Elaine C Smith breast cancer campaign 'a success'

Actress Elaine C Smith in breast cancer advert Actress Elaine C Smith featured in the campaign adverts

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The number of women seeking medical advice about breast cancer has increased by 50%, following an advertising campaign featuring Elaine C Smith.

The actress was part of a series of adverts which showed images of breasts with visible evidence of cancer.

In the three months after the campaign started in September 2012, 21,000 women went to their GP for advice.

The same period the previous year saw 14,000 consultations.

Start Quote

If you do find something that you're worried about it is always best to face up to it”

End Quote Angela Moran Breast cancer survivor

James Jopling, the Scotland director at Breakthrough Breast Cancer, said: "It is welcome news that women have responded to this campaign by going to their GPs to get any possible breast cancer symptoms checked out.

"We know that early detection can save lives as the earlier a diagnosis is made, the better the chance of successful treatment.

"Breast cancer remains the most common cancer among women in Scotland with nearly 4,500 women diagnosed every year."

The campaign, which used the slogan "lumps aren't the only sign of breast cancer", was part of the Scottish government's £30m Detect Cancer Early drive.

Its target is to increase the early diagnosis of cancer by 25%.

Health Secretary Alex Neil said: "The earlier a cancer is diagnosed the greater the chance it can be treated successfully and that is why it is so important that women know how to spot the signs of breast cancer early on.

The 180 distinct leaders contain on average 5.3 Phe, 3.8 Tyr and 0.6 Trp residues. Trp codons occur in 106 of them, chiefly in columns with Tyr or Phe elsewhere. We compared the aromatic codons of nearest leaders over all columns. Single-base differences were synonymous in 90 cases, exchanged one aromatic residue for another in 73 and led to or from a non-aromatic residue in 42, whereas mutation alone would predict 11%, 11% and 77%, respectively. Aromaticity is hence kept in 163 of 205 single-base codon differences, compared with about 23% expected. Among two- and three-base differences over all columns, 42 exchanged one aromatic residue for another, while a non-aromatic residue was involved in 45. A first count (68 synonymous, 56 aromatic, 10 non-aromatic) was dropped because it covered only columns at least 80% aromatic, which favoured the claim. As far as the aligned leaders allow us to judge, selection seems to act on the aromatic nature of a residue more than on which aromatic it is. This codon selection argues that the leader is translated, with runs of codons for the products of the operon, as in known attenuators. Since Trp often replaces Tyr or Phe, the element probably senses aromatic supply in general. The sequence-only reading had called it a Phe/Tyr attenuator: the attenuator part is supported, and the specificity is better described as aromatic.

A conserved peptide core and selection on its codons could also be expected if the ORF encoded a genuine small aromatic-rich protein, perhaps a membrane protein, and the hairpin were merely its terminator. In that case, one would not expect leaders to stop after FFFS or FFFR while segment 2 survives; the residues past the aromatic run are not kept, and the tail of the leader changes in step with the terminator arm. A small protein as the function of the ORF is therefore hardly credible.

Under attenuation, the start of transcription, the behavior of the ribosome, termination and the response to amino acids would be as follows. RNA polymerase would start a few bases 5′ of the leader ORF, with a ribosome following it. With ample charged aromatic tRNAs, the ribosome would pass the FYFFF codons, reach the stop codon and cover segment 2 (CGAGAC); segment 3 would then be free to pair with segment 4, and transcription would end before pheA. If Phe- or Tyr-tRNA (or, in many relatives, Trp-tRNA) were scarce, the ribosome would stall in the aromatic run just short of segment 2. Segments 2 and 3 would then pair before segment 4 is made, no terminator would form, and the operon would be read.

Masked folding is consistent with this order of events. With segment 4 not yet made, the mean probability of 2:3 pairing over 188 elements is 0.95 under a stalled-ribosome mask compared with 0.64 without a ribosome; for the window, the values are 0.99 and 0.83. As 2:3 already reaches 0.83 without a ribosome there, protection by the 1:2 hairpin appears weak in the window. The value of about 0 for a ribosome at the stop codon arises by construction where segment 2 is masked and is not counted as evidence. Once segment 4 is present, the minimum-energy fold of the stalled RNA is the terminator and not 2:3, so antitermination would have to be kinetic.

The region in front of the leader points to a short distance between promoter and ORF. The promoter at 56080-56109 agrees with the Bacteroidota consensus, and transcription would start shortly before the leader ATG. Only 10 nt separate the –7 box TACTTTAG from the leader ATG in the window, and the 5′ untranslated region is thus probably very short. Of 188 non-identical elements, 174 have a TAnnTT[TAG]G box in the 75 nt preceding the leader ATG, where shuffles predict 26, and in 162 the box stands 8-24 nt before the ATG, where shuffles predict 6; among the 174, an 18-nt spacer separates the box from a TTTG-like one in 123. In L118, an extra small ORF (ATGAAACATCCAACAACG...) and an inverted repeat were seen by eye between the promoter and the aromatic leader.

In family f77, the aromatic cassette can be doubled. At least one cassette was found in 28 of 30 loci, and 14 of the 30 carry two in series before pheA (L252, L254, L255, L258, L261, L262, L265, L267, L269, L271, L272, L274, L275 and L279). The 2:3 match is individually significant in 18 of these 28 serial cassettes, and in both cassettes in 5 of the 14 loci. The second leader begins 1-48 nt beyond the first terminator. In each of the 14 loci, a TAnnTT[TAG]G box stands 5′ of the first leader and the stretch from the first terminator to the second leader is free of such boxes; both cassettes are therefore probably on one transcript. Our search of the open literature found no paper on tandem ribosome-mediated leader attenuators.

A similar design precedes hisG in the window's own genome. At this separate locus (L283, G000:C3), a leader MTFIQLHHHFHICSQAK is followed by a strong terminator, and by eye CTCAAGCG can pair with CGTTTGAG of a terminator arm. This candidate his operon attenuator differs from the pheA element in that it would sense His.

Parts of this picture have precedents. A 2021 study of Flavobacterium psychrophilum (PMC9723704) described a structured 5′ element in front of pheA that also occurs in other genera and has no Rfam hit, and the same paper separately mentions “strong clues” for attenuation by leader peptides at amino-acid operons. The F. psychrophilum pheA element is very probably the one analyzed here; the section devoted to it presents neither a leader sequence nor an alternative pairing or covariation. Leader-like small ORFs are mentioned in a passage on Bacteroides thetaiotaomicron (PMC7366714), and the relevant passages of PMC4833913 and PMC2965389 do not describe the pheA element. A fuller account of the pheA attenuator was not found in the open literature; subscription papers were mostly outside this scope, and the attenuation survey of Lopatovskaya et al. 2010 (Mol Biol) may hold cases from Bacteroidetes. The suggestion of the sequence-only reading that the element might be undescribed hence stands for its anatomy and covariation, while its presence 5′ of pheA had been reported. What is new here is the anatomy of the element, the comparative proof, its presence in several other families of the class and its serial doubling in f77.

"These figures show that our bold breast cancer campaign has been effective in getting people talking about breast cancer, and in encouraging women to contact their GP if they are worried about changes in their breasts."

Cancer survivor

The figures were released as Mr Neil visited the Breast Clinic at the Western General Hospital in Edinburgh.

He met breast cancer survivor Angela Moran.

Now 53, she was diagnosed with breast cancer at the age of 46, but after undergoing chemotherapy and a mastectomy, has now been clear of the disease for six years.

After noticing a lump, she made an appointment with her GP.

She said: "I remember sitting in the waiting room and worrying that I was wasting the doctor's time. However the doctor was very supportive and confirmed that there was indeed a lump and acted right away to get me referred.

"I'm always amazed by the amount of women who don't regularly check their breasts or go for mammograms. These simple steps could save your life.

"If you do find something that you're worried about it is always best to face up to it - no matter how frightened you are. "

Cancer waiting times figures published on the NHS Scotland website show that between October and December 2012, 95.8 per cent of patients started treatment within 62 days of urgent referral with suspicion of cancer.

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